Stephanie Lepp
Stephanie Lepp

Q&A: Her podcast highlights stories of self-transformation

Artist and producer Stephanie Lepp, 39, is the creator of Reckonings, a podcast that presents the dramatic and enduring transformations of a range of individuals in their worldview: A white supremacist who subsequently renounced a life of hate. A priest convicted of sexually abusing minors who works in restorative justice. A conservative congressman who shifted his position on climate change. Lepp also created Infinite Lunchbox, which explores timely issues in the media and politics through “video essays” posted on YouTube. And this past month, she released Deep Reckonings, synthetic (fake) videos of public figures — Facebook CEO Mark Zuckerberg, Supreme Court Justice Brett Kavanaugh and far-right talk-show host Alex Jones — whom she imagines going through their own necessary reckonings.

A native of the Bay Area, Lepp is a Mexican Jew who grew up in Tiburon speaking Spanish. She lives in Silicon Valley with her husband, Dr. Nathaniel Lepp, a family practitioner completing a fellowship in addiction medicine at Stanford School of Medicine, and their 3-year-old daughter, Anik, and newborn son, Axel. She graduated from Stanford University and has a master’s degree in Science, Technology, & Society from UC Berkeley.


J.: When did you start thinking about how people have dramatic shifts in perspective?

Stephanie Lepp: Throughout college and adulthood, and in my work in advocacy and social change, the question that kept coming up for me was this: Am I changing anyone’s mind? I came to assume I wasn’t.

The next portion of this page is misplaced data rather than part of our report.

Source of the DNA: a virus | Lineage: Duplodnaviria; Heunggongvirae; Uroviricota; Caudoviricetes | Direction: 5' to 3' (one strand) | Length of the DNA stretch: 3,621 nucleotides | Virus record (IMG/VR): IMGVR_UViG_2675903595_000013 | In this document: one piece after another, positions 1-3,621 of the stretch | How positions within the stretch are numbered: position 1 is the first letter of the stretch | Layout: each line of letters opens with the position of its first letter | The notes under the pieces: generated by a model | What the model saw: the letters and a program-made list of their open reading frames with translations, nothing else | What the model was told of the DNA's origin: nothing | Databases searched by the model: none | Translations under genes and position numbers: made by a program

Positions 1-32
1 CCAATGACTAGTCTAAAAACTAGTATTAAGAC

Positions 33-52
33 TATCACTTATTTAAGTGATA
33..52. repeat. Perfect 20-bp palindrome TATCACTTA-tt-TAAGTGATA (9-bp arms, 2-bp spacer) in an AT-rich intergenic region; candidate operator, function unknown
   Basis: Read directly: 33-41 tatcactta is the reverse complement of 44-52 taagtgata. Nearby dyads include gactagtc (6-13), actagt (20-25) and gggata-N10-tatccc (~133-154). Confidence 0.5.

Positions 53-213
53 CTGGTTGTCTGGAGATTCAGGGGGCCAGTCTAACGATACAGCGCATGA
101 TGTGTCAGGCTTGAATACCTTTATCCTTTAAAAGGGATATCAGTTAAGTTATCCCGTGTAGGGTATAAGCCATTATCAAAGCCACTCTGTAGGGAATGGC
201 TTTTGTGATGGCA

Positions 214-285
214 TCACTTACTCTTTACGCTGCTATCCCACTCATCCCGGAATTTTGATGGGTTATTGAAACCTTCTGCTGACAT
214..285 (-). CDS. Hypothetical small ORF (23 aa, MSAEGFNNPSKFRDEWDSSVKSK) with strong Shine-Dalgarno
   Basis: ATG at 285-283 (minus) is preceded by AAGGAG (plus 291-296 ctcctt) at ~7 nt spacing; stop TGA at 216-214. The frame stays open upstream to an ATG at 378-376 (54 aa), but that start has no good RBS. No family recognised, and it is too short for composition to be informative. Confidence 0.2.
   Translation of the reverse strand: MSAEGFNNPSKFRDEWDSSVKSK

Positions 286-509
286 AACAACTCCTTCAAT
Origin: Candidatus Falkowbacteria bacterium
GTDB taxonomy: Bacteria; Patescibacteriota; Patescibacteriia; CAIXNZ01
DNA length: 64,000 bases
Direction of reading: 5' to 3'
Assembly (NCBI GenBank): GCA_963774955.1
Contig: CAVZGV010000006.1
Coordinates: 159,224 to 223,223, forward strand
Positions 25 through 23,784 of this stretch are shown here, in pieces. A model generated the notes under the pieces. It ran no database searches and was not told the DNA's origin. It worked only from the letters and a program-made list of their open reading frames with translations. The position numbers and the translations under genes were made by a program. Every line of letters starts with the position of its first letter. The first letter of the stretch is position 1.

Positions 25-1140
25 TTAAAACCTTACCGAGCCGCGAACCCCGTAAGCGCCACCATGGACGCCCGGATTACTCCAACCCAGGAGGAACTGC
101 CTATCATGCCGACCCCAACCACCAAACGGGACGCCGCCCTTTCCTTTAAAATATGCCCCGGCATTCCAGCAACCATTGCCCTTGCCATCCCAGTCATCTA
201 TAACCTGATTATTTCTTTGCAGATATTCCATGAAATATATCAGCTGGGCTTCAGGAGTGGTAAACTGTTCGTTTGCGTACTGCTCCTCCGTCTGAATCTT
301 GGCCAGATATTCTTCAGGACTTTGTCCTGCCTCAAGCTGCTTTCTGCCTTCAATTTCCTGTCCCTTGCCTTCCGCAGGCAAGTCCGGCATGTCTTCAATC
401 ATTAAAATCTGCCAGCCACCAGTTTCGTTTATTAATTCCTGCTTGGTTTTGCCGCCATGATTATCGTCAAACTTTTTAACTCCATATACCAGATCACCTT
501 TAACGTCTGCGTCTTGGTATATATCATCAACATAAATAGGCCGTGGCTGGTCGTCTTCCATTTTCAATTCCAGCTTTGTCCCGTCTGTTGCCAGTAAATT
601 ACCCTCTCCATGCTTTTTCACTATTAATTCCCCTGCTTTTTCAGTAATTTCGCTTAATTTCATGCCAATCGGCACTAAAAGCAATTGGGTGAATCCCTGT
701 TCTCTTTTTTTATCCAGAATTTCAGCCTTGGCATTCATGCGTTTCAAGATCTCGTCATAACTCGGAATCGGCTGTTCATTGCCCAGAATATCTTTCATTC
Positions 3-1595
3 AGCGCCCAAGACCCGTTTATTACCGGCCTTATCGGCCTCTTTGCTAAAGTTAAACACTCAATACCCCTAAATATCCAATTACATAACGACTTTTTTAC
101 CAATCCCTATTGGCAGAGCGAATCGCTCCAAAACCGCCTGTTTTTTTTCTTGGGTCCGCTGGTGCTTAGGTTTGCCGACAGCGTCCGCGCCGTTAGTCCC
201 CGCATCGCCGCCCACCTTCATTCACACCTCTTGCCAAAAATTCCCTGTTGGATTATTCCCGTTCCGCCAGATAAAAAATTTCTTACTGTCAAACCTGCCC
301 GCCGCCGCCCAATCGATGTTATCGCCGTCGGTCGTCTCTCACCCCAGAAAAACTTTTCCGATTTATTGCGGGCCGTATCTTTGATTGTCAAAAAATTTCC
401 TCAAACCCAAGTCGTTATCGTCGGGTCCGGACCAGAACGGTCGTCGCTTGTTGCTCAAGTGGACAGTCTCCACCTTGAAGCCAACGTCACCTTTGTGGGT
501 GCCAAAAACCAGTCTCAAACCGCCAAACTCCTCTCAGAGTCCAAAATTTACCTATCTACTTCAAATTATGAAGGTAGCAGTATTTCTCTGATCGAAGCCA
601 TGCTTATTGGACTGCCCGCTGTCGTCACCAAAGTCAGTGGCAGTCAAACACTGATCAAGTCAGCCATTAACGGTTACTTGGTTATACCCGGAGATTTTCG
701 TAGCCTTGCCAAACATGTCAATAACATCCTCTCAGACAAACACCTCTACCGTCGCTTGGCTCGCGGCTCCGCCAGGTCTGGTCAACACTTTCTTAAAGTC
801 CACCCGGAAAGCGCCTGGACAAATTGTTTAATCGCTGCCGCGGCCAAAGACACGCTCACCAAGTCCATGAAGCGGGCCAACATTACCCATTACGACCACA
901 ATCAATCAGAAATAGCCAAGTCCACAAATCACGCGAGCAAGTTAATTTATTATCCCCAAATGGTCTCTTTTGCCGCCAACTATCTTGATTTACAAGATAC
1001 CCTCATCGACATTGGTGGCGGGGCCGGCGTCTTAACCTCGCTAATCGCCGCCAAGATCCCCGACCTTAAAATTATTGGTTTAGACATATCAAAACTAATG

A memorable moment for me was in my freshman year at Stanford. I was part of a group of students protesting the logging of redwoods in Mendocino. We went up there to go to a city council meeting, where we talked about endangered species. I looked at the city council members, whose eyes looked glazed over. And then I looked at the people arguing on the other side. They seemed like very humble people, and I wanted to be on their side.

So you’re saying that there’s often a complexity to issues. In your podcasts and YouTube videos, you’ve addressed this — that one side is not all right and the other all wrong. The logging people are worried about job loss; they’re not necessarily against the spotted owl. It’s more nuanced.

Yes — just the way you have a change of heart and mind. People think that major transformations are sudden, and that they happen because of psychedelics, or near-death experiences, or because you fall in love with a person who thinks differently. What I’ve learned through my work is that personal change happens when people undergo critical self-reflection. Take the white supremacist. In jail, he got to play sports with Black people. After prison time, a Jewish person offered him a job. He confronted his prejudices.

Is there any area of your life where you’ve engaged in your own reckonings?

In my relationship with productivity. It took me a long time to understand what I wanted to do, and I have a lot of regret over lost time, wasted time. Over the last five years, I have greater clarity, but I haven’t come out the other end. My feelings of self-worth are from creating, and I’m still reckoning to fill a hole in my heart. I have this paradoxical stance: I want to be free and feel at peace, and yet I feel I’m not living in the spirit of dayenu — that what I’m doing is enough.

You have had many jobs over the years. Anything that’s not on your résumé?

My first job was as a bar mitzvah dancer — the person who gets everyone out on the dance floor at the bar mitzvah reception.

How does Judaism, or Jewish practice, figure into your work?

In Judaism, we place a high value on critical self-reflection. That’s why Yom Kippur has always been my favorite holiday. It offers a full day to cleanse and reflect.

Robert Nagler Miller
Robert Nagler Miller

Robert Nagler Miller, a Phi Beta Kappa graduate of Wesleyan University, received his master's degree from Northwestern University's Medill School of Journalism. For more than 25 years, he worked as a writer and editor at a variety of nonprofits in the Los Angeles and Bay Areas. In 2016, he and his husband, Dr. Arnold Friedlander, relocated to Chicago. Robert loves schmoozing, noshing, kvetching, Scrabble, reading and NPR.